In the beginning, there was data
The intent of anonymization is to ensure the privacy of data. Companies use it to protect sensitive data. This category of data encompasses:
- personal data,
- business information such as financial information or trade secrets,
- classified information such as military secrets or governmental information.
So, anonymization is for instance a way of complying with the privacy regulations related to personal data. Personal data and business data types can overlap. This is where lies customer information. But not all business data falls under regulations. I’ll focus here on the protection of personal data.
Example of sensitive data types
In Europe, regulators define as “personal data” any information that relates to someone (your name for example). Information linking to a person in any way also falls under that definition.
As personal data collection democratized over the previous century, the question of data anonymization started to rise. The regulations coming into effect around the world sealed the importance of the matter.
What is data anonymization and why should we care?
Let’s begin with the classic definition. The EU’s General Data Protection Regulation (GDPR) defines anonymized information as follow:
“information which does not relate to an identified or identifiable natural person or to personal data rendered anonymous in such a manner that the data subject is not or no longer identifiable.”
The “identifiable” and “no longer” parts are essential. It doesn’t only mean that your name shouldn’t appear in the data anymore. It also means that we shouldn’t be able to figure out who you are from the rest of the data. This refers to the process of re-identification (sometimes de-anonymization).
The same GDPR recital also states a very important fact:
“[…] data protection should therefore not apply to anonymous information”.
So, if you manage to anonymize your data, you are no longer subject to GDPR data protection laws. You could perform any processing operations such as analysis or sales. This opens quite some opportunities:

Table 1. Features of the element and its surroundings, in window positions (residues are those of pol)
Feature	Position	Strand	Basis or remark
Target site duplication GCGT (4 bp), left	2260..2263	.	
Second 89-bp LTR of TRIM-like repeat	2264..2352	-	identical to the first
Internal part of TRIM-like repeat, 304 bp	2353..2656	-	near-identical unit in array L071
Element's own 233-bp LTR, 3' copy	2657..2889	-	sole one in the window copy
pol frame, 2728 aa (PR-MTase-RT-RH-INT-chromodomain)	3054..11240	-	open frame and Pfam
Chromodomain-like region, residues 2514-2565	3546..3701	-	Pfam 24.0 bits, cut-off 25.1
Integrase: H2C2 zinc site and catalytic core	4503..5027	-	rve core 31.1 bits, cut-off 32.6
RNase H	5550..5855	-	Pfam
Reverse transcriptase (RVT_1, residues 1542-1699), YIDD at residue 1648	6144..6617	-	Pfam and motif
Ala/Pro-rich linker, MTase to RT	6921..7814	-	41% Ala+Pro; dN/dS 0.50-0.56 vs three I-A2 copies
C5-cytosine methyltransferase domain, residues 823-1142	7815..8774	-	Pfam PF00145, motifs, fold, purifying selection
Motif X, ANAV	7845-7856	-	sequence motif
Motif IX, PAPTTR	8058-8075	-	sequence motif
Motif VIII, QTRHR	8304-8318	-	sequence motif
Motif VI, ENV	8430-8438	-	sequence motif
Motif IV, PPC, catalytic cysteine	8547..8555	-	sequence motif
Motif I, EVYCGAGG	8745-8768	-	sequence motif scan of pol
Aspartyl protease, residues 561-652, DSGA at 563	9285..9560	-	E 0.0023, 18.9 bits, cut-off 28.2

- Selling data is an obvious first use. Around the world, privacy regulations are restricting the trade of personal data. Anonymized data offers an alternative for companies.
- It represents an opportunity for collaborative work. Many companies share data for innovation or research purposes. They can limit risks by using anonymized data.
- It also creates opportunities for data analysis and Machine Learning. Getting access to private, yet compliant, data is hard. Anonymized data represents a safe raw material for statistical analysis and model training.
The opportunities are clear. But truly anonymized data is often not what we think.
The spectrum of data privacy mechanisms
Privacy-preservation of data is a spectrum. Over the years, experts developed a collection of methods, mechanisms, and tools. These techniques produce data with various levels of privacy and various risk levels of re-identification. We could say it ranges from personally identifiable data to truly anonymized data.
A spectrum of data privacy
On one end, you have data that contains direct personal identifiers. Those are elements from which we can identify you like name, address or telephone number. On the other end, you have the anonymous data that GDPR refers to.
But there is an intermediary category of data. It lives between identifiable and anonymized data: pseudonymized and de-identified data. Note that I’m not certain of this delimitation. Some presentations make pseudonymization a part of de-identification, some don’t.
In itself, there is nothing wrong with the techniques to produce this “intermediary data”. They are efficient data minimization techniques. Depending on the requirements of one’s use-cases, they will be relevant and useful.
What we need to keep in mind is the fact they don’t produce truly anonymous data. Their mechanisms do not have the guarantee to prevent re-identification. And referring to the data they produce as “anonymous data”, is misleading.